Reducing the Stigma and Shame of Sexual Assault in American Indian/Alaska Native Communities Transcript
WOMAN: Good morning. Hihanni waste cheechapy. We're listening here at KILI Radio 90.1 Porcupine. We've got a show coming up with Four Directions with Evie and Misty to talk about women's issues.
MISTY HUNTER, RN, IHS FOUR DIRECTIONS CLINIC: I think we do a very good at that.
MISTY HUNTER: Bringing all the partners together. I feel like if you talk about sexual assault, people are gonna talk back to you. When I go on the radio, they'll come to me and start telling me their stories. As soon as I got back from KILI radio I had a patient come in and she said, "I just need to talk to you." Most victims always feel shame naturally because of the trauma that happened to them. They feel like maybe it was their fault. And when people don't believe them, it brings that shame out even more and it becomes a barrier to their care.
When we set up Four Directions Clinic we didn't want a stigma like, well, that's a sexual assault building. We didn't want that. We wanted people to be able to come here freely—come and go without judgment. So we set up our clinic as a women's health clinic, as a HIV clinic. We set up a computer in our lobby for people to do research, to apply for jobs, to be here at Four Directions Clinic for any kind of reason. When we meet people and we tell them about our clinic, they're like, "We want that in our community." That's exciting to me.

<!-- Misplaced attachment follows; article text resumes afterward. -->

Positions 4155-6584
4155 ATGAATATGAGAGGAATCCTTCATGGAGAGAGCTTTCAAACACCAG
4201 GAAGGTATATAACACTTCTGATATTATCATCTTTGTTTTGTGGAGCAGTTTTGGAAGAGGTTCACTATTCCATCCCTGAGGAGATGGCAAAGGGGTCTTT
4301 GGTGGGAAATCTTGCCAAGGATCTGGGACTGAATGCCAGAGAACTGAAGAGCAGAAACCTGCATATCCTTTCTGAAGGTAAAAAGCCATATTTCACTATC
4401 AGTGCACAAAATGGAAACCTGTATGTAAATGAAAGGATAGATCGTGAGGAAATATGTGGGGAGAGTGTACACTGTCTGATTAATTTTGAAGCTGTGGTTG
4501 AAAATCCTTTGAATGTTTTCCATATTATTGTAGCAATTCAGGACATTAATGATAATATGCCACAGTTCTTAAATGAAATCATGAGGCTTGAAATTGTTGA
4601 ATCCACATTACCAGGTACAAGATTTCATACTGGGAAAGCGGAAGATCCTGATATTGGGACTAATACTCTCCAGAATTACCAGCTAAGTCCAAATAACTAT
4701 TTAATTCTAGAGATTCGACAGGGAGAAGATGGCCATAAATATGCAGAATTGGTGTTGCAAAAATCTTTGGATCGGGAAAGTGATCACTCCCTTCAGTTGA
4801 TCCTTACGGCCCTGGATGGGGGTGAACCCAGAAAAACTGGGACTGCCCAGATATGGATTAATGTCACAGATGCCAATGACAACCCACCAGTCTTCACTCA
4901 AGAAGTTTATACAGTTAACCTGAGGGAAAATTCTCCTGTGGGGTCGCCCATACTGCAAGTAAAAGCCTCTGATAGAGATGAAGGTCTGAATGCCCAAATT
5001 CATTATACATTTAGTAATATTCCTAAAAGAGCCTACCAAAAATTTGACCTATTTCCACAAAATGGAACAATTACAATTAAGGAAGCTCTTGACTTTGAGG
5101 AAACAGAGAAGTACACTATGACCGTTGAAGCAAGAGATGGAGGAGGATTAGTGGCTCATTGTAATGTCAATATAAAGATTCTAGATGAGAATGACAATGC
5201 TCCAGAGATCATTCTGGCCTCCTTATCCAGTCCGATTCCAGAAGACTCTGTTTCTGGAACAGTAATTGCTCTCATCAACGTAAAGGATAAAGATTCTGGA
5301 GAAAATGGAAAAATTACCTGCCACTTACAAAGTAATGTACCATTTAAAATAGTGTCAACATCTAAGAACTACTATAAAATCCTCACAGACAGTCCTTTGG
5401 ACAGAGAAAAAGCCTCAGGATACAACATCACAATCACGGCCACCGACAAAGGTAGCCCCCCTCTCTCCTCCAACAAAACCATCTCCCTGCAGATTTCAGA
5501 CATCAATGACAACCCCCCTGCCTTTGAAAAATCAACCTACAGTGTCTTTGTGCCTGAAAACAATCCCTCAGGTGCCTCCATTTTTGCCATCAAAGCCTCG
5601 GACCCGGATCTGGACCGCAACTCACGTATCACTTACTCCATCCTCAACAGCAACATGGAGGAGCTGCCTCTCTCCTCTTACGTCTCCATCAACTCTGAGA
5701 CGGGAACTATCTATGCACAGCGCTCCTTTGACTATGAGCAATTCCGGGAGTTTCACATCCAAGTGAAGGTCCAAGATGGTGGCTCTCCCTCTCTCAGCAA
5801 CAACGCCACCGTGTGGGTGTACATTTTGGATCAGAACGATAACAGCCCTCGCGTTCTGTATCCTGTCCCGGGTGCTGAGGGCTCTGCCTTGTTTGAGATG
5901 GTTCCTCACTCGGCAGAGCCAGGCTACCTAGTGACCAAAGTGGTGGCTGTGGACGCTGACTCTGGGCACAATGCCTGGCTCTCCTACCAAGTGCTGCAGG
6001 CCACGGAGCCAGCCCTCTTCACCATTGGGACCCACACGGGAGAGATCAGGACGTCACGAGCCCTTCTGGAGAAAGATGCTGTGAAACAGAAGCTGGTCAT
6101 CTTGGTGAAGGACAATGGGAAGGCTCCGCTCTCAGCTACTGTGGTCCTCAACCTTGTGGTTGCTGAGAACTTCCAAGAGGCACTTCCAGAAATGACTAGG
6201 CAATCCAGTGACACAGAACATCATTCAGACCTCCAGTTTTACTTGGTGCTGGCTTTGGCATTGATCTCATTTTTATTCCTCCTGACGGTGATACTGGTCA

MISTY HUNTER: Because I wish every community could have a clinic like this to provide this kind of care. I think there's a lot more victims out there that aren't reporting because of the stigma that goes along with it. Or there's fear—fear of reporting a sexual assault— because sometimes their perpetrators are the people they live with. Sometimes they are the person that's financing their whole life. And if we keep talking about it, and the community realizes this isn't going away and this isn't right, hopefully that will reduce some of that victim blaming and that stigma that goes along with it.
When I look at communities I think it has to start somewhere. So if you build those teams, it just gets stronger from there, because sexual assault's not going away. We have to find a way to provide the best care we can for victims and their families so that they can heal.